An Interview With Pfizer on the Orphan Drug Industry: Part II

In Advocacy, Clinical Development, Market Access, Partnering & Investment, Regulation & Government by Matt Turner


In follow up to Part I of our recent interview with Adam Woodrow, VP of Global Commercial Development of the Specialty Care Business Unit at Pfizer, the remainder of the dialogue provides insight into streamlining the clinical development of orphan drugs and the importance of long term sustainable rare disease research:

How can orphan drug developers streamline their orphan clinical development and overcome clinical hurdles?

Discovering and developing treatments for rare diseases and genetic disorders is a key component of our overall strategy, and Pfizer has research, medical and commercial units that focus exclusively on driving innovation in rare diseases.

Pfizer’s approach is to create a balanced and robust portfolio of medicines based on unmet need, scientific tractability and commercial viability, aligned with the strengths and expertise we have in specific areas of research, development and commercialization. We have prioritized areas of focus in hematology, neuroscience, neuromuscular disorders, pulmonology and oncology to ensure the greatest chance of successfully delivering needed medicines.

By partnering with patient communities and advocacy organizations, we hope to raise awareness of rare diseases, aid in diagnosis, ensure access to treatments, and advocate for supportive policy, regulatory and reimbursement environments. Pfizer is also in active dialogue with healthcare stakeholders and the communities we serve to help create solutions that may provide increased access to treatments for patients in need. Additionally, our global network and reach allows us to educate physicians on the disorder in countries where the disease exists and the awareness is low.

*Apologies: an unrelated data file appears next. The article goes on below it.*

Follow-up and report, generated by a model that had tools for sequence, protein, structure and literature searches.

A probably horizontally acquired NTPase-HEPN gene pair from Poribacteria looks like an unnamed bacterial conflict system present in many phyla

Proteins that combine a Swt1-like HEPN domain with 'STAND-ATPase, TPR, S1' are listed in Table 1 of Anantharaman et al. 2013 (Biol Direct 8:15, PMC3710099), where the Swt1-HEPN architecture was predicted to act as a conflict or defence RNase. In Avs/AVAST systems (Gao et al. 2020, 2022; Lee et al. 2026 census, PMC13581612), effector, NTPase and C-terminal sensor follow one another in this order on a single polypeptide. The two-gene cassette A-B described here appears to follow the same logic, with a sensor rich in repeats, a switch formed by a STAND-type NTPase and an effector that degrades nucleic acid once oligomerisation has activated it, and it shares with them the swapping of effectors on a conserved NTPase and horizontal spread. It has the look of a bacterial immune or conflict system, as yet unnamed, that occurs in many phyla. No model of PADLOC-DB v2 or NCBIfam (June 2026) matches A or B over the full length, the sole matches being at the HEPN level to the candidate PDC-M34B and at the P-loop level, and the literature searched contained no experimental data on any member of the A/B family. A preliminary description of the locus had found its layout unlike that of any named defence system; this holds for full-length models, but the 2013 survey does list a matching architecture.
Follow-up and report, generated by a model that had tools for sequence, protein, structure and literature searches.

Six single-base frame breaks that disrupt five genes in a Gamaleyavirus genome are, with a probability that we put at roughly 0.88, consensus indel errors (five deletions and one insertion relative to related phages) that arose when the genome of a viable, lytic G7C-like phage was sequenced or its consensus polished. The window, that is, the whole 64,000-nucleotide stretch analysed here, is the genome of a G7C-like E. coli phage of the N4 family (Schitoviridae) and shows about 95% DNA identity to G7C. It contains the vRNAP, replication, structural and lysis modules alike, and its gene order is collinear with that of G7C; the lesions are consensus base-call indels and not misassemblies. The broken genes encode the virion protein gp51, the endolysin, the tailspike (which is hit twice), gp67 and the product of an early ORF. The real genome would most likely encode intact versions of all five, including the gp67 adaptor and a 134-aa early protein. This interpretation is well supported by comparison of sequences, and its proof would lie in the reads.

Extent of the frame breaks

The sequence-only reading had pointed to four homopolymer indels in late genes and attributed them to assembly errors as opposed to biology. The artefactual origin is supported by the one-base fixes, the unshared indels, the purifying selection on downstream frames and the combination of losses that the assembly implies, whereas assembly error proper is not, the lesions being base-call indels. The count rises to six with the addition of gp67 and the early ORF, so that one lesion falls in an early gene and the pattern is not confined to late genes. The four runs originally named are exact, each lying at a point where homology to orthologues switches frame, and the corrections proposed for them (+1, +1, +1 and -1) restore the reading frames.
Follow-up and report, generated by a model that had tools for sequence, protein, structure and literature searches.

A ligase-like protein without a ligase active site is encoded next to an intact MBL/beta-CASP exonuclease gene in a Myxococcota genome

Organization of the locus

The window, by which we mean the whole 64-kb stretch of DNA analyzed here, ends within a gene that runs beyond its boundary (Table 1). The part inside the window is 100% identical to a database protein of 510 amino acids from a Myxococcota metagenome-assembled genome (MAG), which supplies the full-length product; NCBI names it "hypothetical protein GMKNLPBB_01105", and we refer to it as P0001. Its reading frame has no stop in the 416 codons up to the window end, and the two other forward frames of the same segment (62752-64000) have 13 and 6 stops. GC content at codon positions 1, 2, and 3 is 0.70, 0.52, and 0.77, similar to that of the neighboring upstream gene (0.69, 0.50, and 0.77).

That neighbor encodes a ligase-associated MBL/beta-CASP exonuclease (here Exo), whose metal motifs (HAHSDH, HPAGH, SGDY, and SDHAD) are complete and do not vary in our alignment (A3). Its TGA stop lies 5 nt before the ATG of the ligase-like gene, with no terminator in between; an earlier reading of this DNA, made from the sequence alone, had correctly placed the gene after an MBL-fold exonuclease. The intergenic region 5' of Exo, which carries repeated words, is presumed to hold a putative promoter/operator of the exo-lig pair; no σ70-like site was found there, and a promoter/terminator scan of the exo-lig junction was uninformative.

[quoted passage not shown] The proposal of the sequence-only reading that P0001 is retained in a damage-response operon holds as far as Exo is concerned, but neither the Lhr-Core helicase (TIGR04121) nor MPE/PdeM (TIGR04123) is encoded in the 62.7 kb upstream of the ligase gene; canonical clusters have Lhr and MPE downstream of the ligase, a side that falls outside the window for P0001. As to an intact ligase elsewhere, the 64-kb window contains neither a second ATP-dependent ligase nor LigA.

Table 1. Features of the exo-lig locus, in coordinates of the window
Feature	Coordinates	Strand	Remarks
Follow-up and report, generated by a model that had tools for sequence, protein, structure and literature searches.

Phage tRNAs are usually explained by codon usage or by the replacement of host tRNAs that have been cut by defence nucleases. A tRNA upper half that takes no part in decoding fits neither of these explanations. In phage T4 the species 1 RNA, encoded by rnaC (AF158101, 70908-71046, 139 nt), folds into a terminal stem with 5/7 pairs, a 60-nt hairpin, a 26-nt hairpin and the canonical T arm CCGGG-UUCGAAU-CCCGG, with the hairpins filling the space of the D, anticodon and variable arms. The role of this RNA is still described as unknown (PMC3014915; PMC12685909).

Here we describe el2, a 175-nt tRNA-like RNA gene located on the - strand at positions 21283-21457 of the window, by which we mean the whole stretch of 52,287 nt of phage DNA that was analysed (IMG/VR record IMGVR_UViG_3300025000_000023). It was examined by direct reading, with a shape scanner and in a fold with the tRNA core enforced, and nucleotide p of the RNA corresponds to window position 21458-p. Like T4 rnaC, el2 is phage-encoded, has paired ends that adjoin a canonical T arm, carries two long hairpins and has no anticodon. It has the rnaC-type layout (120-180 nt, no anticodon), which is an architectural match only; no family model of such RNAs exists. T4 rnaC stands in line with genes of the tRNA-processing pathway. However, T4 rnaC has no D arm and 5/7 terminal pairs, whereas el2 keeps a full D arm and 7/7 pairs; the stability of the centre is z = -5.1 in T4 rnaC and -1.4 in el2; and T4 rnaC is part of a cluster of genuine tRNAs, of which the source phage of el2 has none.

Further, Pfizer is committed to continuing conversations with regulatory bodies regarding validated endpoints for clinical trials, as well as understanding more about the natural history of specific diseases.

What can developers do to continue a sustained development of orphan drugs through the clinic to global rare disease patients?

Partnerships—be they with commercial organizations or with patients, advocates, regulatory authorities and academic researchers—will be an important aspect to achieve this goal. While the binding commonality in most rare diseases is the low incidence and prevalence of an individual condition, each of those diseases is benefitted by a community of stakeholders, each with unique expertise, specialized relationships and resources, and important perspectives.

Of note, scientific and regulatory advances will also have a role in transforming the market for medicines to treat rare diseases. Some regulatory authorities are increasingly receptive to the use of biomarkers and surrogate endpoints in the clinical study of medicines to treat rare diseases, which will help provide a path to demonstrate appropriate efficacy in small populations. And, as the underlying genetic root of illness is better understood, even common conditions will be increasingly understood as a collection of “rare” subtypes, which may require different, more targeted therapeutic approaches.

It is important to continue to foster and build relationships with key constituents, keep the lines of communication open and actively understand the goals and needs of the regulatory bodies in various countries.

Adam Woodrow will be presenting on The Collaboration Imperative: why cross-stakeholder partnerships are essential to advancing progress in orphan medicines development at the forthcoming World Orphan Drug Congress in Geneva.

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